The Staten Island Ferry returned to a normal schedule Thursday and will run boats every 15 minutes during rush hour beginning at 5 p.m., the city said.
⛴️ SOME FERRY GOOD NEWS ⛴️
The Staten Island Ferry has returned to a normal schedule, running every 15 minutes during rush hour beginning at 5:00 p.m.
— City of New York (@nycgov) August 4, 2022
According to the city, operations were halted overnight from 2 a.m. to 6 a.m. due to an influx of ferry workers calling. Staten Island Ferry Service resumed hourly service Thursday at 6 a.m.
The ferry ran every hour instead of every 15 minutes on Wednesday evening.
The mayor initially blamed a national labor shortage for the reduced service on Wednesday, but alleged ferry workers also failed to show up for work.
“We’re saying to the workers who didn’t come today, unless you’re sick, New Yorkers need you to come to work,” Adams said in the statement. In recent weeks, the Ministry of Transport accused COVID-19 cases for staff shortages and benefit cuts, but the mayor didn’t say if that was a cause of Wednesday’s disruptions.
Later Wednesday, when asked at the terminal if workers were staging sick leave, Adams said he wasn’t sure.
The union, the Marine Engineers’ Beneficial Association, said the labor shortage was “entirely due to severely overworked and understaffed crews”.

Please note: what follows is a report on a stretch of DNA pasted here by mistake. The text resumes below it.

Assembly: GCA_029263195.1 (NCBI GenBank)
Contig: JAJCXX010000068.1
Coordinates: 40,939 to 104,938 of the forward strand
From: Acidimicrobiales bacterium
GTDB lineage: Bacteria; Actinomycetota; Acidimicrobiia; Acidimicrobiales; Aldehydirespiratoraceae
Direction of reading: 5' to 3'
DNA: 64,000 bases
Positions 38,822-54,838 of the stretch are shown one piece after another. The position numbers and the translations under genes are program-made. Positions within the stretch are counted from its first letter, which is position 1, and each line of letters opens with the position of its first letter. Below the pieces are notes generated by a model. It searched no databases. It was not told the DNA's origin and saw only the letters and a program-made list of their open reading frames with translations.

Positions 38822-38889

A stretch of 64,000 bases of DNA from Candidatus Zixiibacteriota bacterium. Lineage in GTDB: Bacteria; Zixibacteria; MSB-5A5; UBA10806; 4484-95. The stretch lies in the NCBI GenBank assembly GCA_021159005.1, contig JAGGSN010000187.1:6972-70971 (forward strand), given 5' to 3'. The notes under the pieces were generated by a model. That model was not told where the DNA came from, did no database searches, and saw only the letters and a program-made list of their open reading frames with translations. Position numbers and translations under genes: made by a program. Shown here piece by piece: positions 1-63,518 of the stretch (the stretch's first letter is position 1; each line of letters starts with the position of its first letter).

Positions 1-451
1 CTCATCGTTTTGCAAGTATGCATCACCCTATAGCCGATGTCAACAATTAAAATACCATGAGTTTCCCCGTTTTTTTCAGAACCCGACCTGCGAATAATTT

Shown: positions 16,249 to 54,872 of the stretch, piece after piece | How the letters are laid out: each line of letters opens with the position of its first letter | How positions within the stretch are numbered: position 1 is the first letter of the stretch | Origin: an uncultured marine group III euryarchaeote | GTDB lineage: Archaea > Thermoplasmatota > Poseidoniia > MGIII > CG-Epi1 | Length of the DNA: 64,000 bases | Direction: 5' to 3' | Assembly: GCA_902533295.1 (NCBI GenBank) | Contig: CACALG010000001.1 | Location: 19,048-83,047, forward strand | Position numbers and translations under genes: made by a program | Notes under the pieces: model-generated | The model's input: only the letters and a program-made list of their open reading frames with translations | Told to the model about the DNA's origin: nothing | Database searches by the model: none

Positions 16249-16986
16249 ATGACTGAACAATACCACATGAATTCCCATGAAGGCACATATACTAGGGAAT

Roland Rexha, secretary and treasurer of MEBA and a former Staten Island Ferry employee, criticized the city’s “refusal to offer a contract that reflected the highly skilled and essential work of the ferry officers and seafarers.” Ferry employees have been working under an old contract and negotiating a new one for more than a decade.
“We have continued on duty under the most stressful and painful circumstances as our crew continues to feel the tremendous financial pain and work stress of the pandemic and its aftermath,” Rexha said in a statement. “The union is not aware of any intentional service disruptions, nor would we support action to slow this essential service to our beloved Staten Islanders.”
Though Adams claims it’s a problem he inherited when he became mayor, some elected officials said the staffing issue should have been a higher priority.
“While the mayor’s office has emphasized that they are working as quickly as possible to address this dispute, service cuts have become increasingly common and should have been a top priority in the early months of this administration, when I and other Staten Island officials did have it.” highlighted,” MP Nicole Malliotakis said in a statement on Thursday.
In January, Malliotakis, who is a member of the House Committee on Transportation and Infrastructure’s Coast Guard and Maritime Transportation subcommittee, sent Adams a letter expressing her concern “regarding ongoing labor issues within the Staten Island ferry system.”